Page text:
FIG. 10 is a diagram illustrating an example of the ink ribbon, according to the second embodiment, on which manufacturing information is recorded;

FIG. 11 is a diagram illustrating another example of the ink ribbon, according to the second embodiment, on which manufacturing information is recorded;

FIG. 12 is a diagram illustrating the arrangement of the ink ribbon set in the thermal printer and the detection unit according to the second embodiment;

FIG. 13 is a flowchart illustrating the gradation correction data reading process by the thermal printer, according to the second embodiment; and

FIG. 14 is a block diagram illustrating the configuration of the thermal printer according to the second embodiment.

DETAILED DESCRIPTION OF THE PREFERRED EMBODIMENTS

The preferred embodiments of the present invention will now be described below with reference to the attached drawings.

[I] 1st Embodiment

An ink ribbon used in a sublimation transfer type thermal printer is comprised of a film, functioning as a substrate, of some microns made of polyethylene terephthalate for example, the surface of which being coated with ink material by a photogravure coating device to form an ink layer. This ink layer contains sublimate ink which is sublimated by applying a heat through the film substrate by using a thermal head. The ink thus sublimated is transferred to an image-receiving sheet contacted to the ink layer, and then fixed on the sheet, thereby printing being achieved. In that case, the quantity of the ink thus sublimated can be controlled by varying the heat application power from the thermal head, and hence it is possible to represent smooth and natural gradation in the printing density.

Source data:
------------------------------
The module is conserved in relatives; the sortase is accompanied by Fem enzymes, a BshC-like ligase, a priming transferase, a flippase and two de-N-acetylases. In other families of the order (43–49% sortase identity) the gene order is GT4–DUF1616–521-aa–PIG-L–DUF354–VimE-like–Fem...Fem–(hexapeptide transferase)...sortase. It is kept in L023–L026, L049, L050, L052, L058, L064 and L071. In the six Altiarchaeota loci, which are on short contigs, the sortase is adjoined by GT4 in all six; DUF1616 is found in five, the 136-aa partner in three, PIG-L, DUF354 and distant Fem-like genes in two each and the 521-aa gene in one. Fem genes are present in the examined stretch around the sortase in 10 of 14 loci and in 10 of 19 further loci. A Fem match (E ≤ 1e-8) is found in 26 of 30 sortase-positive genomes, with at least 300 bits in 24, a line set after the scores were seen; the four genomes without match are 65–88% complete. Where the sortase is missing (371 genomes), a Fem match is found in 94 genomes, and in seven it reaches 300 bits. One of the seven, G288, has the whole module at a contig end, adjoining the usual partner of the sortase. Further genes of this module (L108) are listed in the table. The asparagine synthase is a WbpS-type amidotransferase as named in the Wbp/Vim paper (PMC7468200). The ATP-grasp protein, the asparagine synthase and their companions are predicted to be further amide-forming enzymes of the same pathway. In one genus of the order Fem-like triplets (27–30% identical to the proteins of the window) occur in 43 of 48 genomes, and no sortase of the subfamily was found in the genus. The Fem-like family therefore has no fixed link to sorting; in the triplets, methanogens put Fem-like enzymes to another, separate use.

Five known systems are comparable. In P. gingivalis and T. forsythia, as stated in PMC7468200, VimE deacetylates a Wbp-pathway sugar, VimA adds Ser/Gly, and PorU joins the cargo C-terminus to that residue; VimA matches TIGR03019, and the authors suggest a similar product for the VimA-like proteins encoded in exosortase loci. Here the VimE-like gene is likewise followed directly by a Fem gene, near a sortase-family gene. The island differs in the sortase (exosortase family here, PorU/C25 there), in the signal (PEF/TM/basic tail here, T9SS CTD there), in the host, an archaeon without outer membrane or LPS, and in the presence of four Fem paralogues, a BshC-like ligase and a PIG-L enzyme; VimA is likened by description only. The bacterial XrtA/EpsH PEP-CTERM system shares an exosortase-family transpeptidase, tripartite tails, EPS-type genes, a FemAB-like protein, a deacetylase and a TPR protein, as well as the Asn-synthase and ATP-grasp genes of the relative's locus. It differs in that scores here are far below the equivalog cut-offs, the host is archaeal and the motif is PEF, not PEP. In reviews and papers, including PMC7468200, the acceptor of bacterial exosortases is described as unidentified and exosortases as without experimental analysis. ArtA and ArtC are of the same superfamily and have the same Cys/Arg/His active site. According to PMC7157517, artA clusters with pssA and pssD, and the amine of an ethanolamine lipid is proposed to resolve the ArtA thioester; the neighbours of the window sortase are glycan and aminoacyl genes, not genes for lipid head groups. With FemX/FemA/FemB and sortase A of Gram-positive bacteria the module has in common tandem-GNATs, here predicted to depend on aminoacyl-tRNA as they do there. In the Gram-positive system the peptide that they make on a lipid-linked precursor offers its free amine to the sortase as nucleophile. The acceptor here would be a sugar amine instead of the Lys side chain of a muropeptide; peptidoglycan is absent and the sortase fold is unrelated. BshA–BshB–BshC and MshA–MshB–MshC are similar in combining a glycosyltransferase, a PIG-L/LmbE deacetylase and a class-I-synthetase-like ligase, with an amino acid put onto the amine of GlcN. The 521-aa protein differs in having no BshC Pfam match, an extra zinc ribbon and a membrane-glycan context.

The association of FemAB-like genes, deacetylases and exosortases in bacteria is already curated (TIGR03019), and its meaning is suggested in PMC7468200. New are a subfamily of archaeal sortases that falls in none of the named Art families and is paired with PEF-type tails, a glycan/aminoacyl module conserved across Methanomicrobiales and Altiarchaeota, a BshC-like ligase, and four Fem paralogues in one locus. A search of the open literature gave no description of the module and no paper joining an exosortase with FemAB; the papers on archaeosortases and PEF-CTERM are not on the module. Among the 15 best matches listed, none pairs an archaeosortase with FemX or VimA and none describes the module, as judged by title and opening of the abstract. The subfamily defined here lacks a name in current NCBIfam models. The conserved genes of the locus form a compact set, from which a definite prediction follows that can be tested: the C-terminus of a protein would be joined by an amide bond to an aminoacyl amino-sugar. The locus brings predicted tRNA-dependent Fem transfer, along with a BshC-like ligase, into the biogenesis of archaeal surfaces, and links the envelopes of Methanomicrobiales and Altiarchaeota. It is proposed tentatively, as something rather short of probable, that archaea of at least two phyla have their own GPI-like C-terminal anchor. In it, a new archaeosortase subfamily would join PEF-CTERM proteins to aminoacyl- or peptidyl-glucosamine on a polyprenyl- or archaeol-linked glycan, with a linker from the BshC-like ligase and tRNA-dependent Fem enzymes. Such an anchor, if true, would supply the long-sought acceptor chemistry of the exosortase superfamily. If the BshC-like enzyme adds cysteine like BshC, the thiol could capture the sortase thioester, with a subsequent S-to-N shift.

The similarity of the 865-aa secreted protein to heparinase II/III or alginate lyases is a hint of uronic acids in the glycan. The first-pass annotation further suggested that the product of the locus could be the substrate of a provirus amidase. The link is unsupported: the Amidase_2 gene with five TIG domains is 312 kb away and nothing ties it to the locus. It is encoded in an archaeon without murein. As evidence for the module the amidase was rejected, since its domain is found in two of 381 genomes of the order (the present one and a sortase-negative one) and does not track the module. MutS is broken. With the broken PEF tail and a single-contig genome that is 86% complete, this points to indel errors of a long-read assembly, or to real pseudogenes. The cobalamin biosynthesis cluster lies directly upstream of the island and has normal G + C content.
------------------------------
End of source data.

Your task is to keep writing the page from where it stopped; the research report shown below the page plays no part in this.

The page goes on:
The heating power of the thermal head and the print density have such a relationship that the higher the heating power is, the higher the printing density increase. However, if the heating power is equal, the absolute value of the print density may sometimes be different due to the characteristics of material and/or the composition of the ink ribbon. Also, even if the material and/or the composition of the ink ribbon is identical, the absolute values of the print density differ, even under the identical heating power, because all conditions such as the material lot and/or the manufacturing lot can not be perfectly uniform.

On the other hand, in the manufacturing process of the ink ribbon, the manufacturing condition is controlled so that a specific normal characteristic can be obtained. Specifically, at the initial stage of the manufacturing, the gradation scale is printed by the thermal printer, which is standardized for the test printing, with the use of the manufactured ink ribbon, then the printing density of the gradation scale thus printed is measured, and finally the manufacturing condition is reset in consideration of the result of the measurement. Resetting the manufacturing condition is mainly carried out by altering the viscosity and/or composition of the ink. Alternatively, the resetting may be performed by changing the condition of the coating device, for example, varying the angle of the doctor blade. However, since it is impossible to control the condition completely uniformly, irregularity in characteristics of the product is inevitable, even if it is within the specific allowable range.

For the above reason, in the present invention, data to be used for the gradation correction is calculated on the basis of the density measurement of the test printing and the manufactured ink ribbon is put on the market with the gradation correction data being recorded, thereby enabling the correction of the gradation for the purpose which requires especially high reproducibility of printing. The data for the gradation correction is calculated after the actual printing test for the respective manufacturing lots or more subdivided manufacturing units. The present invention is related to the ink ribbon including the data for the gradation correction and also to the thermal printer which uses the ink ribbon with the correction data.